Large specimens of an ASTM E-373-58T steel were subjected to zero-tension cyclic loading, hence with nonzero mean stress, under a repeated programmed pattern of nine stress levels. With the major stress twice the minor stress, the levels in the loading pattern were chosen in such a manner that they had approximately a sinusoidal wave as an envelope and the stress cycle at each step was repeated 500 times. The experimental results show a trend of variation of the cycle-ratio summation similar to that obtained on tests with zero mean stress; the higher the number of stress levels in the loading pattern below the original endurance limit, the larger the deviation from unity of this summation. A comparison is made between the predicted lives according to the linear cumulative damage rule and according to an alternative theory which takes into account the variation of the endurance limit (Unified Theory). It is found that the Unified Theory is more conservative and provides better estimates in the high-cycle range in particular for cases where there are, in the stress pattern, several levels lower than the endurance limit of the original material.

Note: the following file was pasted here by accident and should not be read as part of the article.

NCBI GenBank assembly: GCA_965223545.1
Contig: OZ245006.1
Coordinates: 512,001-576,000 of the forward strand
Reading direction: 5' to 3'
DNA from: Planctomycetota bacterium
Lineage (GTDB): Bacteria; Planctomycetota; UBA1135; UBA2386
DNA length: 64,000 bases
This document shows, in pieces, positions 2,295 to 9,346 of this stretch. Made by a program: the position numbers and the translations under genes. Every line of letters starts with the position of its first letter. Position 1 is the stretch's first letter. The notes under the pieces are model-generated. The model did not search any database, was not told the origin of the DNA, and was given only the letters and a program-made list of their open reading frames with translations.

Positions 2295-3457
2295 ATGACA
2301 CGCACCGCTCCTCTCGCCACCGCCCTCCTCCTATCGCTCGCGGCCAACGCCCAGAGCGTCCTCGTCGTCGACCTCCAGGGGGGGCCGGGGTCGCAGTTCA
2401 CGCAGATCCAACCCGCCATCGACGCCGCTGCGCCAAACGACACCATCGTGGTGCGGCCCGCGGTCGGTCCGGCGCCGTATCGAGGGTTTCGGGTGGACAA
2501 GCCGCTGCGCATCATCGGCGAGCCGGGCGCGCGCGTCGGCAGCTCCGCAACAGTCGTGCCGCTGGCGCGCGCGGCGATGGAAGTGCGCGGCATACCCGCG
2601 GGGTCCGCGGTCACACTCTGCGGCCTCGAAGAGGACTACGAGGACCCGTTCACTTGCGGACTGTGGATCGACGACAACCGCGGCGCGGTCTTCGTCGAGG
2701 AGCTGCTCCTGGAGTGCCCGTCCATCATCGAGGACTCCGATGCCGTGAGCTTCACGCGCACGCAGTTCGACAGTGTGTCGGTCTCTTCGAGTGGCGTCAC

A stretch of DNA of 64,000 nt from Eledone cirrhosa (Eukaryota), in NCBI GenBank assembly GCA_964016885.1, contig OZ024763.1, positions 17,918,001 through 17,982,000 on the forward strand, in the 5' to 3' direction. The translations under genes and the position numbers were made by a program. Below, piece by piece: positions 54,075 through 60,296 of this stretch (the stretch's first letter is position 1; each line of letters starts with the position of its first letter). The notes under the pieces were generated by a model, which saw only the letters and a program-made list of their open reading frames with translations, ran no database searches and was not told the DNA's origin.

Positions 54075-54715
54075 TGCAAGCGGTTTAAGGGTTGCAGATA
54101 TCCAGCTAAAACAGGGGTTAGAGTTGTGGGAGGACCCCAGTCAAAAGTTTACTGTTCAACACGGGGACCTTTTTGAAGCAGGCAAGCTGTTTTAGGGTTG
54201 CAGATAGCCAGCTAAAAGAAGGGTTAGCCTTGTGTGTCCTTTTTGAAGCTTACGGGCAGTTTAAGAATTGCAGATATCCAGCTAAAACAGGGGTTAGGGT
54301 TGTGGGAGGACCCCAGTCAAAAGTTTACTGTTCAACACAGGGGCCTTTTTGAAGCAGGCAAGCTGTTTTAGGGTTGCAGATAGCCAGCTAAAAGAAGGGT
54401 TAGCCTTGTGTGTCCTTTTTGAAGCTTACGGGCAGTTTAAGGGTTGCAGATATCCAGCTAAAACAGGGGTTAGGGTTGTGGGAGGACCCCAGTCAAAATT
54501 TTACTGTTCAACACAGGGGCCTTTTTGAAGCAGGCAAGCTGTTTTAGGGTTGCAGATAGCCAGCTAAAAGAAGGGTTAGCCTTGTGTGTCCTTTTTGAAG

This content is only available via PDF.
You do not currently have access to this content.